It’ll take place August 29 at from 1-3 p.m. They’ll give free vaccines, micro chips, leashes and collars and flea treatment. They’ll also help with licensing and spaying-neutering.
The Yolo SPCA doesn’t have a formalized stance on homeless dog ownership. They say their underlying goal is to care for animals, whether or not they have a home.
“We just want to help all animals in need,” said Kim Kinnee, Executive Director of the Yolo County SPCA.
What Constitutes a ‘Happy Dog’
Lawson Snipes is the editor of The Spare Changer, a local magazine that covers homelessness issues. He and I sat down at recently and he made two noteworthy points, both of which I have summed up below:
- Many dogs go unadopted in animal shelters, meaning they must be “put to sleep.” They die, to put it bluntly.
- If a high-income family’s dog gets high-quality food and grooming on a regular basis, but its owners spend 9 hours a day at work while the dog sits at home alone, is that dog living a quality life?
“Anyone who would question one’s ability to ‘take care of a pet when they can't take care of their self’ is either woefully misinformed or misguided at best,” he told me.
“Dogs need to be part of a family unit,” said Doc. “Some people, you go by their yard and they’ve got the dog tied to a tree and all the grass is worn out. After a while the dogs go crazy because they need that social activity.”
Basically: Dogs don't need homes; they need people.
Homeless Shelters: 'No Dogs Allowed'
The shelters in Davis (and most other places) don’t accommodate dogs, in part because homelessness is such a big, complex issue on its own. Accommodating pets on top of that isn’t the priority.
For that reason, Doc must bend to the needs of Chica when it comes to finding a warm place to sleep.
“When it’s going to rain, I’ll find some shelter under an overhang,” he said. “I just grin and bear it and head south for the winter for the warmer, drier weather.”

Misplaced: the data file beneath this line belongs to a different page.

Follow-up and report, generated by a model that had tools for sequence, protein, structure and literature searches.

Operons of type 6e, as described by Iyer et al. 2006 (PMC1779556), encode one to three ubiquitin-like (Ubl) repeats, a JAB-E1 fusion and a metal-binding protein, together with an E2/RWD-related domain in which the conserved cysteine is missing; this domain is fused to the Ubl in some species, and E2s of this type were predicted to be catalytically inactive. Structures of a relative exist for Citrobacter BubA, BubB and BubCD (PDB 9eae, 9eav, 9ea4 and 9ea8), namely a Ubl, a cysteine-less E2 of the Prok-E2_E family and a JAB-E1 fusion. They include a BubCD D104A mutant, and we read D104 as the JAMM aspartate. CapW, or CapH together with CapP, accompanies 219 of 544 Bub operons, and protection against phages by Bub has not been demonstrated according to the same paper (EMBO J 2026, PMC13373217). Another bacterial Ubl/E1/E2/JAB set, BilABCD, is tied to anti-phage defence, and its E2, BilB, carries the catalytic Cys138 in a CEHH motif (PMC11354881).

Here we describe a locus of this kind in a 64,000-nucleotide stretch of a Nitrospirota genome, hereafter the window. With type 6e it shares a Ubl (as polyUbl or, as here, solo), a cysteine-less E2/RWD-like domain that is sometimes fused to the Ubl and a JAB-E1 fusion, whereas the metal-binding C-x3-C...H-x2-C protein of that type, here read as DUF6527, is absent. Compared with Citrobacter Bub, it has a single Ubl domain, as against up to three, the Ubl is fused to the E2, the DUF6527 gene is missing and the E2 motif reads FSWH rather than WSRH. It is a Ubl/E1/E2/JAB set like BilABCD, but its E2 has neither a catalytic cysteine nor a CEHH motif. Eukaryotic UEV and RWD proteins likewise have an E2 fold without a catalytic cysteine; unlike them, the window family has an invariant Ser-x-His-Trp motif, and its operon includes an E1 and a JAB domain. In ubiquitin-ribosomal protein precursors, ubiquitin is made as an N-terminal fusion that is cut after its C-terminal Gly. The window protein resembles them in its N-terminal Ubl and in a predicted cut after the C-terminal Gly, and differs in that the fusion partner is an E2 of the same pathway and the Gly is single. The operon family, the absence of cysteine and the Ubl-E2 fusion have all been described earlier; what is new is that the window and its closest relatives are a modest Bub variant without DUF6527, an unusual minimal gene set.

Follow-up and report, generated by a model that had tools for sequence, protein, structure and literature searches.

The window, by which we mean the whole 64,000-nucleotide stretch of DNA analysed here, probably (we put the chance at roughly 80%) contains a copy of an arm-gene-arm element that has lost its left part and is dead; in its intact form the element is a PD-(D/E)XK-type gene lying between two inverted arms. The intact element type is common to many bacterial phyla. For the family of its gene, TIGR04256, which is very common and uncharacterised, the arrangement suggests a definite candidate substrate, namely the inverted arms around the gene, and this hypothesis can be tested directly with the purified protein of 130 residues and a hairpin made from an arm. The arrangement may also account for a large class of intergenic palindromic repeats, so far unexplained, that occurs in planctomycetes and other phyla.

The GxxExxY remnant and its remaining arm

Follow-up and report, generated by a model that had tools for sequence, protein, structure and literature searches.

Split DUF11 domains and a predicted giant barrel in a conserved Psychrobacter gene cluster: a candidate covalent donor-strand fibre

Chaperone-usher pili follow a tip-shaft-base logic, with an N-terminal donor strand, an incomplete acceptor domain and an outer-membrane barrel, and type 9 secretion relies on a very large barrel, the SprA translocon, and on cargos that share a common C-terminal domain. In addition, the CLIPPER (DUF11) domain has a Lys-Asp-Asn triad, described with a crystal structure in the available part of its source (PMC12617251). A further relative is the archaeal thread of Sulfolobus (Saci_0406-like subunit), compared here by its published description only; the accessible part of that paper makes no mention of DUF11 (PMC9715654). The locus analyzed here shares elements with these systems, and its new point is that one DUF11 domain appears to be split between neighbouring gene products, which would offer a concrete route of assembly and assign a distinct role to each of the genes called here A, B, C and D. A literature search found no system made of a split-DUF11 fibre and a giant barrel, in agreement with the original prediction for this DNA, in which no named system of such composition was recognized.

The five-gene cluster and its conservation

Making Money + Feeding the Pup
Chica inherited Blondie’s old costumes. She sits patiently anytime Doc pulls one out of his bag and dresses her. He says he’d do this even if it didn’t help him make money, simply because it makes people smile.
Having said that, Chica certainly does help his earnings. Doc is a passive panhandler -- he was reclining on a duffle bag and silently reading a Tom Clancy novel when I approached him – so Chica’s cuteness is the main attraction for people walking by.
But when the money comes in, Chica’s needs come first, however small they may be: Since she's only six pounds, a bag of food lasts her two-and-a-half months. Still, he makes it clear that she is his top priority.
“When things get rough,” Doc said. “Your two legged friends will disappear, but your four-legged friends will always be right there right alongside you.”
If a person can’t independently care for him/herself, is it cruel for that person to also care for a pet? Comment below.
For more information about the free vaccinations offered by the Yolo County SPCA, call them at 530-662-8858. If you’d like to blog about this topic, click here and then click ‘Post on Patch.’ It’s very simple.